Distributor for Active-Active, N+1 Amphorae Setup


Please review the active-active topology blueprint first ( Active-Active, N+1 Amphorae Setup )


Problem description

This blueprint describes how Octavia implements a Distributor to support the active-active loadbalancer (LB) solution, as described in the blueprint linked above. It presents the high-level Distributor design and suggests high-level code changes to the current code base to realize this design.

In a nutshell, in an active-active topology, an Amphora Cluster of two or more active Amphorae collectively provide the loadbalancing service. It is designed as a 2-step loadbalancing process; first, a lightweight distribution of VIP traffic over an Amphora Cluster; then, full-featured loadbalancing of traffic over the back-end members. Since a single loadbalancing service, which is addressable by a single VIP address, is served by several Amphorae at the same time, there is a need to distribute incoming requests among these Amphorae – that is the role of the Distributor.

This blueprint uses terminology defined in the Octavia glossary when available, and defines new terms to describe new components and features as necessary.

Note: Items marked with [P2] refer to lower priority features to be designed / implemented only after initial release.

Proposed change

  • Octavia shall implement a Distributor to support the active-active topology.
  • The operator should be able to select and configure the Distributor (e.g., through an Octavia configuration file or [P2] through a flavor framework).
  • Octavia shall support a pluggable design for the Distributor, allowing different implementations. In particular, the Distributor shall be abstracted through a driver, similarly to the current support of Amphora implementations.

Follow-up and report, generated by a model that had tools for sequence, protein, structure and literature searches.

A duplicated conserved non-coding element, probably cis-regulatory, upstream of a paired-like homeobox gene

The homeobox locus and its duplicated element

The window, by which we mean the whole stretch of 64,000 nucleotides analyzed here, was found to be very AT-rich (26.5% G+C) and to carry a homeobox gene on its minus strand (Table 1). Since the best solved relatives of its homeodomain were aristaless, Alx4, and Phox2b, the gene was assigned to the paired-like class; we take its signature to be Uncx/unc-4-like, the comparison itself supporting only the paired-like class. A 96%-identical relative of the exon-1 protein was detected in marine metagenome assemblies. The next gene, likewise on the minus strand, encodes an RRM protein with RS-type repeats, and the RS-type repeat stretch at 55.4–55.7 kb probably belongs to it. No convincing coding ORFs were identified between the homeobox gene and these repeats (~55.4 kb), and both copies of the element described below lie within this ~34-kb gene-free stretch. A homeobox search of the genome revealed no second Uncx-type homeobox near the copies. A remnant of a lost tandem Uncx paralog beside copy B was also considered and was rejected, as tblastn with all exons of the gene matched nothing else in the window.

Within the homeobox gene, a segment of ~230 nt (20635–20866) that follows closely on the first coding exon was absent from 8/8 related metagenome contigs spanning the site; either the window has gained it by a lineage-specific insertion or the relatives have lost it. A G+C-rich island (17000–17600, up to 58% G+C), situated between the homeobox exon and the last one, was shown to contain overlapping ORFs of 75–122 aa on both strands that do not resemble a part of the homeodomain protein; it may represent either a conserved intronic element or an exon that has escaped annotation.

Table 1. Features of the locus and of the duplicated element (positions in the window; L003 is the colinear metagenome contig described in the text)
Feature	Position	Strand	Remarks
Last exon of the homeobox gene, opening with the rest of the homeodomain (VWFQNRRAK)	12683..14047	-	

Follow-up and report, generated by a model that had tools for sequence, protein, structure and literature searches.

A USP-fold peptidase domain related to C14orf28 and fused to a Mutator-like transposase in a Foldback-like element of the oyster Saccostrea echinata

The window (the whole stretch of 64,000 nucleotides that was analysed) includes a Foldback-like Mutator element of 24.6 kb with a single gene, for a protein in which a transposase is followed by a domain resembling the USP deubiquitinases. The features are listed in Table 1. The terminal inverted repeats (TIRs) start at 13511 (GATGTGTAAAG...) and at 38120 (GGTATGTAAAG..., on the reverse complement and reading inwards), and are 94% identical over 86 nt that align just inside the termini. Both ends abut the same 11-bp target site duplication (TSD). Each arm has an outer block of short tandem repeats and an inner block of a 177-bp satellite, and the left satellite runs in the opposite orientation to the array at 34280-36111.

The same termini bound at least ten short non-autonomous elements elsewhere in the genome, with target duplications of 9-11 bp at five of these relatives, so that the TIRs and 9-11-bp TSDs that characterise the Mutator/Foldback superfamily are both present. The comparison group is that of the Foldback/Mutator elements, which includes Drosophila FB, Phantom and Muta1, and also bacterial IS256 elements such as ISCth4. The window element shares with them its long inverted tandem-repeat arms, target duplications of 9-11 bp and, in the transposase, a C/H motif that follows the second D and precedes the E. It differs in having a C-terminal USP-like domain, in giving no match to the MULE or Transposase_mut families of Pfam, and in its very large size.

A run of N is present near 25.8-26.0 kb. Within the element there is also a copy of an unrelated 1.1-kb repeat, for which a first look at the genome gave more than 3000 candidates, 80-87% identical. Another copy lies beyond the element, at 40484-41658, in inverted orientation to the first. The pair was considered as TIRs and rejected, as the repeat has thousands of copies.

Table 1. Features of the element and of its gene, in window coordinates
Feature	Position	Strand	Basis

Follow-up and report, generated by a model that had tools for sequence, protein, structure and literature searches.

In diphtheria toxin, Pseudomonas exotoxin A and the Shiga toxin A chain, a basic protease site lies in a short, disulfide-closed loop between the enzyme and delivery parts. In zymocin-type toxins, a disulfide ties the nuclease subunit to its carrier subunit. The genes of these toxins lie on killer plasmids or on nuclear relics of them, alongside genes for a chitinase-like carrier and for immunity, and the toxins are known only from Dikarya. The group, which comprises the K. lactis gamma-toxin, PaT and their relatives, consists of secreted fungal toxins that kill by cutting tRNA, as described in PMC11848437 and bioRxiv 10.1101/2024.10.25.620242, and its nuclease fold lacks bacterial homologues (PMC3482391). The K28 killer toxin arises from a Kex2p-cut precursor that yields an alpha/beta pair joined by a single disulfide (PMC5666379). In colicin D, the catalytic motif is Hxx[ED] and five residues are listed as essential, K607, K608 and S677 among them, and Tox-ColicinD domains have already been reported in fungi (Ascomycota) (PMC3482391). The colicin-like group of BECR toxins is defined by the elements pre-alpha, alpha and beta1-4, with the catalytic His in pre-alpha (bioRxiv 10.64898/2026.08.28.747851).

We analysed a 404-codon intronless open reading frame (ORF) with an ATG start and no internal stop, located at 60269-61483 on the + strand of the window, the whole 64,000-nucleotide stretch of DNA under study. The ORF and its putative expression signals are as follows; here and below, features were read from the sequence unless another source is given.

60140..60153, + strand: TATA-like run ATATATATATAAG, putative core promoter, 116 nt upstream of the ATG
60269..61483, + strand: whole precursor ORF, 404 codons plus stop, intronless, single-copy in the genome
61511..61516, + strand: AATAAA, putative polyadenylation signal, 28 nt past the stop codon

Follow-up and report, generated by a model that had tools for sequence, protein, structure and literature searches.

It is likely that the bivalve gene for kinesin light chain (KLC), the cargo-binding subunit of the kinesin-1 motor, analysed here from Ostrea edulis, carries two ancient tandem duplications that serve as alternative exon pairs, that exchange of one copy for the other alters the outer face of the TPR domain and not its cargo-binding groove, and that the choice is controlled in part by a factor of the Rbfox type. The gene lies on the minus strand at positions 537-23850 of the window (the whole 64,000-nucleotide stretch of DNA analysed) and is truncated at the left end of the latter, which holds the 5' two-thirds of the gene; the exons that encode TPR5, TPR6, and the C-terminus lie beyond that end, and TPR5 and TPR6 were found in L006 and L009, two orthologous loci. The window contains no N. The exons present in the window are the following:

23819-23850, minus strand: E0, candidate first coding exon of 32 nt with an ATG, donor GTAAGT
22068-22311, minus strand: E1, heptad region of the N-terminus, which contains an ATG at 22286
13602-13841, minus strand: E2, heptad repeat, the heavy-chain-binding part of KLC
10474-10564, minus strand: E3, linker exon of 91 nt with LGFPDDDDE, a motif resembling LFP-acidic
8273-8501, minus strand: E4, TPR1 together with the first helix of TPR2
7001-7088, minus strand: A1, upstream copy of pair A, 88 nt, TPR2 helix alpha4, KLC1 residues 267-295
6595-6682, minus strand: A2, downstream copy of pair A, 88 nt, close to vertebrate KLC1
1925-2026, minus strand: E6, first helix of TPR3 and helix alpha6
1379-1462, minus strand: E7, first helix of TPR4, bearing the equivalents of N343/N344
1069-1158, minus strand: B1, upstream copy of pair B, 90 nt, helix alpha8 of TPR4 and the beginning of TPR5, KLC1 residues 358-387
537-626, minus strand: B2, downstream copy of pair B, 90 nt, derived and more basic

• Octavia shall support different provisioning types for the Distributor; including VM-based (the default, similar to current Amphorae), [P2] container-based, and [P2] external (vendor-specific) hardware.
  • The operator shall be able to configure the distribution policies, including affinity and availability (see below for details).


High-level Topology Description

  • The following diagram illustrates the Distributor’s role in an active-active topology:
                        Front-End                               Back-End
Internet                Networks                                Networks
(world)                 (tenants)                               (tenants)
   ║                A       B       C                             A B C
┌──╨───┐floating IP ║       ║       ║  ┌────────┬──────────┬────┐ ║ ║ ║
│      ├─ to VIP ──►╢◄──────║───────║──┤f.e. IPs│ Amphorae │b.e.├►╜ ║ ║
│      │   LB A     ║       ║       ║  └──┬─────┤    of    │ IPs│   ║ ║
│      │            ║       ║       ║     │VIP A│ Tenant A ├────┘   ║ ║
│  GW  │            ║       ║       ║     └─────┴──────────┘        ║ ║
│Router│floating IP ║       ║       ║  ┌────────┬──────────┬────┐   ║ ║
│      ├─ to VIP ───║──────►╟◄──────║──┤f.e. IPs│ Amphorae │b.e.├──►╜ ║
│      │   LB B     ║       ║       ║  └──┬─────┤    of    │ IPs│     ║
│      │            ║       ║       ║     │VIP B│ Tenant B ├────┘     ║
│      │            ║       ║       ║     └─────┴──────────┘          ║
│      │floating IP ║       ║       ║  ┌────────┬──────────┬────┐     ║
│      ├─ to VIP ───║───────║──────►╢◄─┤f.e. IPs│ Amphorae │b.e.├────►╜
└──────┘   LB C     ║       ║       ║  └──┬─────┤    of    │ IPs│
                    ║       ║       ║     │VIP C│ Tenant C ├────┘
               arp─►╢  arp─►╢  arp─►╢     └─────┴──────────┘
             ┌─┴─┐  ║┌─┴─┐  ║┌─┴─┐  ║
             ├───┴┴┐ ├───┴┴┐ ├───┴┴┐
             │IP A │ │IP B │ │IP C │
            │                       │
            │      Distributor      │
            │     (multi-tenant)    │
  • In the above diagram, several tenants (A, B, C, ...) share the Distributor, yet the Amphorae, and the front- and back-end (tenant) networks are not shared between tenants. (See also “Distributor Sharing” below.) Note that in the initial code implementing the distributor, the distributor will not be shared between tenants, until tests verifying the security of a shared distributor can be implemented.